Budget manna still being totalled up
Officials were still checking that last November's pound;17 million got through to schools before announcing details of the next financial boost. "I believe it did across Scotland," Jack McConnell said.
It has been assumed a chunk of a substantial larger sum will be siphoned off to fund the post-McCrone agreement but Mr McConnell offered no clues. Discussions, he said, would have to take place between the Executive and the authorities and between the schools and authorities.
Tom Higgins, head of St Cuthbert's High, Johnstone, said heads would welcome any announcement about the size of the sums available and the strings attached.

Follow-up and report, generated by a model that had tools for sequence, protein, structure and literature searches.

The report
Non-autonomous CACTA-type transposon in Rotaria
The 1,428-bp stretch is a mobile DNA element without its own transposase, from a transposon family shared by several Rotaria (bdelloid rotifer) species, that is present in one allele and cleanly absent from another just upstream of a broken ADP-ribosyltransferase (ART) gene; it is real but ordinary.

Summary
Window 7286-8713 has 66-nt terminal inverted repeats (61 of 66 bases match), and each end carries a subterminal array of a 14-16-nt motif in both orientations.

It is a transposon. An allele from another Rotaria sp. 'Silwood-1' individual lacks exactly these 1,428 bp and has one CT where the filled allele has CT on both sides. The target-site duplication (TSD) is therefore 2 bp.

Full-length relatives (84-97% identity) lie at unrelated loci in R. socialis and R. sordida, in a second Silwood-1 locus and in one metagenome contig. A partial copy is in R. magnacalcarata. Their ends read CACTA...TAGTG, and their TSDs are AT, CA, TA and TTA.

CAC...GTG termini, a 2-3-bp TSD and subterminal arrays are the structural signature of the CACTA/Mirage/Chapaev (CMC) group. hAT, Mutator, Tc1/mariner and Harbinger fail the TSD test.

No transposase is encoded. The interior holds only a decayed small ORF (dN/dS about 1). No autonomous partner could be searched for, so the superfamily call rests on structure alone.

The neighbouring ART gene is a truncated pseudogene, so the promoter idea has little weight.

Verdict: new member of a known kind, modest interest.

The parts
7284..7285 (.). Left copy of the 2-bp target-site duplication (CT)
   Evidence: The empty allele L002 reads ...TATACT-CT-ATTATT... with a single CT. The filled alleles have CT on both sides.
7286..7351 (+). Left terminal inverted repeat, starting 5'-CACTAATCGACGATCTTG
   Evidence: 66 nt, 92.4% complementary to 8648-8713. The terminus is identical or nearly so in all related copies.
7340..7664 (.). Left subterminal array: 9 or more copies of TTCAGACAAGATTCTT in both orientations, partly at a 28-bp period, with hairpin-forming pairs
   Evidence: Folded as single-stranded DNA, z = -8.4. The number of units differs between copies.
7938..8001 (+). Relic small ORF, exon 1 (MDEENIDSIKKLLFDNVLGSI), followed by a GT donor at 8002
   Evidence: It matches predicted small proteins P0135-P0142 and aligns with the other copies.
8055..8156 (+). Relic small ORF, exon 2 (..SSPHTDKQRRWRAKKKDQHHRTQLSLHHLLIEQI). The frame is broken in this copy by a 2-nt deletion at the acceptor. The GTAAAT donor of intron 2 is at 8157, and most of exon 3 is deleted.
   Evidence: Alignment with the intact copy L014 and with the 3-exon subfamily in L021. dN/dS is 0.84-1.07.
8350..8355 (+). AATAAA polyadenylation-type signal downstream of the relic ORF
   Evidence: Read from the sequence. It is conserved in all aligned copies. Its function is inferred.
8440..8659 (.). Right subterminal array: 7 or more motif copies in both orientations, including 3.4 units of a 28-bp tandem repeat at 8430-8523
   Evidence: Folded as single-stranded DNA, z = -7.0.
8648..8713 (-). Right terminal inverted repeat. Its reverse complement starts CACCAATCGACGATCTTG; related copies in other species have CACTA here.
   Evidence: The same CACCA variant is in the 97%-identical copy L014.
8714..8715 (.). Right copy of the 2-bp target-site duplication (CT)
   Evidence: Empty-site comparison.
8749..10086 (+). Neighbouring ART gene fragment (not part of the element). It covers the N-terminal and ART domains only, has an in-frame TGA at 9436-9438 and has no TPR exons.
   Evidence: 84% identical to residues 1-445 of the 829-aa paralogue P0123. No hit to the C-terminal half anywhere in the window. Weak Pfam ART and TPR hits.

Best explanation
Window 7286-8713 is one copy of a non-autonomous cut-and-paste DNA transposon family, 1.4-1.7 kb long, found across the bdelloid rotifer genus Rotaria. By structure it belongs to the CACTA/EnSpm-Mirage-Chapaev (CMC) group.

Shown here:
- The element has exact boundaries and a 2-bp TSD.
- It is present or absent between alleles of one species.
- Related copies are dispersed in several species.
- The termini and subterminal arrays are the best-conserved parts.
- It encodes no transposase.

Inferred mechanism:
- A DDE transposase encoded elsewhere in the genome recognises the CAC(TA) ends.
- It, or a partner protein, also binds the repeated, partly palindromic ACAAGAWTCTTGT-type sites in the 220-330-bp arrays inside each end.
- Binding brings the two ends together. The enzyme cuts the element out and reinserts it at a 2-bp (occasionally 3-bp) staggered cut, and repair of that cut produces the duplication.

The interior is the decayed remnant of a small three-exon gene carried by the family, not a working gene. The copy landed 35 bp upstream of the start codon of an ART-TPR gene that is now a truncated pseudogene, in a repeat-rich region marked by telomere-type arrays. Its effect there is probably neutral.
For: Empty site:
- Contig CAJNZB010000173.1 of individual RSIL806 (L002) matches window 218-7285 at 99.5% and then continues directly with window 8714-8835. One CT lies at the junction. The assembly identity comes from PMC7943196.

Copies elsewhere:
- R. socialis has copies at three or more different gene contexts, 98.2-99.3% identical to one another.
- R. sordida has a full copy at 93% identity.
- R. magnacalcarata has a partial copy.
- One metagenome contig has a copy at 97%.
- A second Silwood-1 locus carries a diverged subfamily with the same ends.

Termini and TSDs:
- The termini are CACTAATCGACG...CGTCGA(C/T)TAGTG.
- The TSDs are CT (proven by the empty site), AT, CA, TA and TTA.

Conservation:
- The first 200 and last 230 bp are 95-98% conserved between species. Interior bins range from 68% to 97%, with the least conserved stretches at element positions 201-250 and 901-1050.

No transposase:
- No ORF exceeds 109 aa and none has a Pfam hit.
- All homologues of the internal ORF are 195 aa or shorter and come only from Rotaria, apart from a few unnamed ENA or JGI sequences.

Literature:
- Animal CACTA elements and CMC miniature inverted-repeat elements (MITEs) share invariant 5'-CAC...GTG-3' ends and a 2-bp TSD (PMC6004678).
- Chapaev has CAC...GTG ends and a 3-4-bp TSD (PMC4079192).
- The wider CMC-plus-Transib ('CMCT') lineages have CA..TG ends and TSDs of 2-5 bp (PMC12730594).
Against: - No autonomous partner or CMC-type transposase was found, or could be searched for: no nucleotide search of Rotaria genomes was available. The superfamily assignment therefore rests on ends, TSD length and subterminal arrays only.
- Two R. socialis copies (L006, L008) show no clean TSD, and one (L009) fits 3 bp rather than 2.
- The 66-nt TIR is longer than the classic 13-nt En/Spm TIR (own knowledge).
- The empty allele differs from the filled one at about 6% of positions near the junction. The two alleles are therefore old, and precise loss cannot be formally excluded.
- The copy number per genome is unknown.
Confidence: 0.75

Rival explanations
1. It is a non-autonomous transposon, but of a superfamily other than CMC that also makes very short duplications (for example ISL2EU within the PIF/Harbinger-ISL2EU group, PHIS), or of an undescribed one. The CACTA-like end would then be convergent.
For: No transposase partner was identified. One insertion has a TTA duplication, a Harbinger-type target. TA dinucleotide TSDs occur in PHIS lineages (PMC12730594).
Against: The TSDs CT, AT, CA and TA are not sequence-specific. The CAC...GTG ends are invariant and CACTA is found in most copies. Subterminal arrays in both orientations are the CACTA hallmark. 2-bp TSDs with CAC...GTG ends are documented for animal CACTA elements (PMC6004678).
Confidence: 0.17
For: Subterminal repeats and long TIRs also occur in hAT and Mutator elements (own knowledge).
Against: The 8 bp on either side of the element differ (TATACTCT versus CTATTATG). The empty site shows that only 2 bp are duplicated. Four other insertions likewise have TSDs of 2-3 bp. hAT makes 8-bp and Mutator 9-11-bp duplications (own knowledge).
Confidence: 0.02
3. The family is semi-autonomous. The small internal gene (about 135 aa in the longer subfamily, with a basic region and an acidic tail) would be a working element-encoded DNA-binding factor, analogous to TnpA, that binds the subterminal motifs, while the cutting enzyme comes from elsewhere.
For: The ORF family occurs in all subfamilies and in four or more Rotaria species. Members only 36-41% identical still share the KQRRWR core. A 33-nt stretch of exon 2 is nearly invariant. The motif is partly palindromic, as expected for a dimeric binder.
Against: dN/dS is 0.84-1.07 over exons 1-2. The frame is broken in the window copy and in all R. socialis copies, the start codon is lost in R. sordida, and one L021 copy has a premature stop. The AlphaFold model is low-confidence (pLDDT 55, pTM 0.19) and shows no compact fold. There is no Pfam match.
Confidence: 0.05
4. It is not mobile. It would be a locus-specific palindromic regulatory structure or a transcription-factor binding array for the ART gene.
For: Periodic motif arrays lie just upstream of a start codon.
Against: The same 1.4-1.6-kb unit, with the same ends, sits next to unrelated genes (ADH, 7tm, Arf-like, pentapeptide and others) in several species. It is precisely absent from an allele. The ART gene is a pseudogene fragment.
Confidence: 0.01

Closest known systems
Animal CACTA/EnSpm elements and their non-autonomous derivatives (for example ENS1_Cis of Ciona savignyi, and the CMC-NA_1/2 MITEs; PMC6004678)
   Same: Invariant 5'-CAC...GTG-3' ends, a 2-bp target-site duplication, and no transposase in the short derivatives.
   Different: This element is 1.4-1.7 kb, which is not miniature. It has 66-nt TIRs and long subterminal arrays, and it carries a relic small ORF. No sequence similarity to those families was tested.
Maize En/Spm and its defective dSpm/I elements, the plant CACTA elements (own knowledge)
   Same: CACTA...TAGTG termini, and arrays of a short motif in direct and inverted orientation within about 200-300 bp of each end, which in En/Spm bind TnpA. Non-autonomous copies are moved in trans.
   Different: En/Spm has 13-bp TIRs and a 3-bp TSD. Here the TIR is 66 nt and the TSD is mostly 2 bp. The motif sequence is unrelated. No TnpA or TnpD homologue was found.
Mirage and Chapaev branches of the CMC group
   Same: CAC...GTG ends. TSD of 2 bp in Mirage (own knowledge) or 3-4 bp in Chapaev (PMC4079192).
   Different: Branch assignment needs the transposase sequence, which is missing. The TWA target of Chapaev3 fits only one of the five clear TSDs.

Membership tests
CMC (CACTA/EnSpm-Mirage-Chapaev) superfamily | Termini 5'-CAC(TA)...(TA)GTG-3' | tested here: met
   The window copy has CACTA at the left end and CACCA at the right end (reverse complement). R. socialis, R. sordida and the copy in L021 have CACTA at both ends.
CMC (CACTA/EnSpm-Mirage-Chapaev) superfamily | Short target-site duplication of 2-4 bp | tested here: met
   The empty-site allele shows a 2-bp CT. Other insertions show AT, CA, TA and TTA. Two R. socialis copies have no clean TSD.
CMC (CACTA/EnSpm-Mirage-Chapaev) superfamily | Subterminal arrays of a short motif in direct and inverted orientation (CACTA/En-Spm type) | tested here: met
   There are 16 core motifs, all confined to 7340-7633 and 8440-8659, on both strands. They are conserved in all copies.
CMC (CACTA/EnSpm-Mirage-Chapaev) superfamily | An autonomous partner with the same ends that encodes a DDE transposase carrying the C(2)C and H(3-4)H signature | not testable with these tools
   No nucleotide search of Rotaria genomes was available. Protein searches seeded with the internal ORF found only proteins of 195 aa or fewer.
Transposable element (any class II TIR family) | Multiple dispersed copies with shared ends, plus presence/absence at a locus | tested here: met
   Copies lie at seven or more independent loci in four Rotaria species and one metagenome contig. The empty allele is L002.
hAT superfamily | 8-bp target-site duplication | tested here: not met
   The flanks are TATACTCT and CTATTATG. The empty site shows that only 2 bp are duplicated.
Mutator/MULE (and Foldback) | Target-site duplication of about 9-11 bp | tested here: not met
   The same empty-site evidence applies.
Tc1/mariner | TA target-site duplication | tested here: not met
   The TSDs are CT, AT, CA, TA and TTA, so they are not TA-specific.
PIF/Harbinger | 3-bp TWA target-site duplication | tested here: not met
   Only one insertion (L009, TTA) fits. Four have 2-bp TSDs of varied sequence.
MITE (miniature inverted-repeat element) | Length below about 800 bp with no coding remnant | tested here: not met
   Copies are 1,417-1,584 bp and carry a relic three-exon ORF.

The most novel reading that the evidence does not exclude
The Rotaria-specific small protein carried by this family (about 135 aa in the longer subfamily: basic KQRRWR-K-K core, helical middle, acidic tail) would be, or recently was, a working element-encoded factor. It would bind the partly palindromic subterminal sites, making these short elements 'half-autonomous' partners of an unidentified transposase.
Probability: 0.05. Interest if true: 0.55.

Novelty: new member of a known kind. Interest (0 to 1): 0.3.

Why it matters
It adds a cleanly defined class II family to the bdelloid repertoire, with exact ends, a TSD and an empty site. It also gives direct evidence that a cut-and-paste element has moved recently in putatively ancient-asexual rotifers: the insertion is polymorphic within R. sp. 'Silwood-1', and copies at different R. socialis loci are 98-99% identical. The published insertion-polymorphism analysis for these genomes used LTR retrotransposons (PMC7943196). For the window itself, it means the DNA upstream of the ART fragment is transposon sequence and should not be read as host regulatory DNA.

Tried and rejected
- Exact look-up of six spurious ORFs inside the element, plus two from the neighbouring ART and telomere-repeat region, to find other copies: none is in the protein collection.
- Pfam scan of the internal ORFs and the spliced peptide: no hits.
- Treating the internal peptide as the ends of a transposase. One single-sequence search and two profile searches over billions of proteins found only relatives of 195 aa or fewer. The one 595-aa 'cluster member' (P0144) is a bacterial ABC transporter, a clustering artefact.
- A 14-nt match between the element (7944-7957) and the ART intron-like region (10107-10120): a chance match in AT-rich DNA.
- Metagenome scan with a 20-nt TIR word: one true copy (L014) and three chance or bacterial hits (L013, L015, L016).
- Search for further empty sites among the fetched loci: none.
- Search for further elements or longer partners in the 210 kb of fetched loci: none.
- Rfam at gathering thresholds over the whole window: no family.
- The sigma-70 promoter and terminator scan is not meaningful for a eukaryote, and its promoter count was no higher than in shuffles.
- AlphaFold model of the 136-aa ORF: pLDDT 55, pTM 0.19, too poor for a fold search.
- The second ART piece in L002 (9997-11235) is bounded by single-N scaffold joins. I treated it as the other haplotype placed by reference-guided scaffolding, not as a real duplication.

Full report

Mr McConnell replied that he had been struck by the lack of reedom some heads had over budgets. They had delegated cash but administrative rules prevented them from spending it where they wanted.
But he had not heard of any local authorities trimming core budgets in anticipation of the Chancellor's extra cash. "This is additional money and should not be used to reduce school budgets. I do not have any powers over that," he admitted.
The Executive had asked authorities and schools to be open and transparent in their use of the last windfall. Local accountability was the principal check on its distribution.
Tony Gavin, head of St Margaret's Academy, Livingston, questioned whether Mr McConnell's vision for education could be delivered by present structures. "In the 23 years as a headteacher, my pupil-teacher ratios have never been higher and core funding is as low as it has ever been," Mr Gavin said.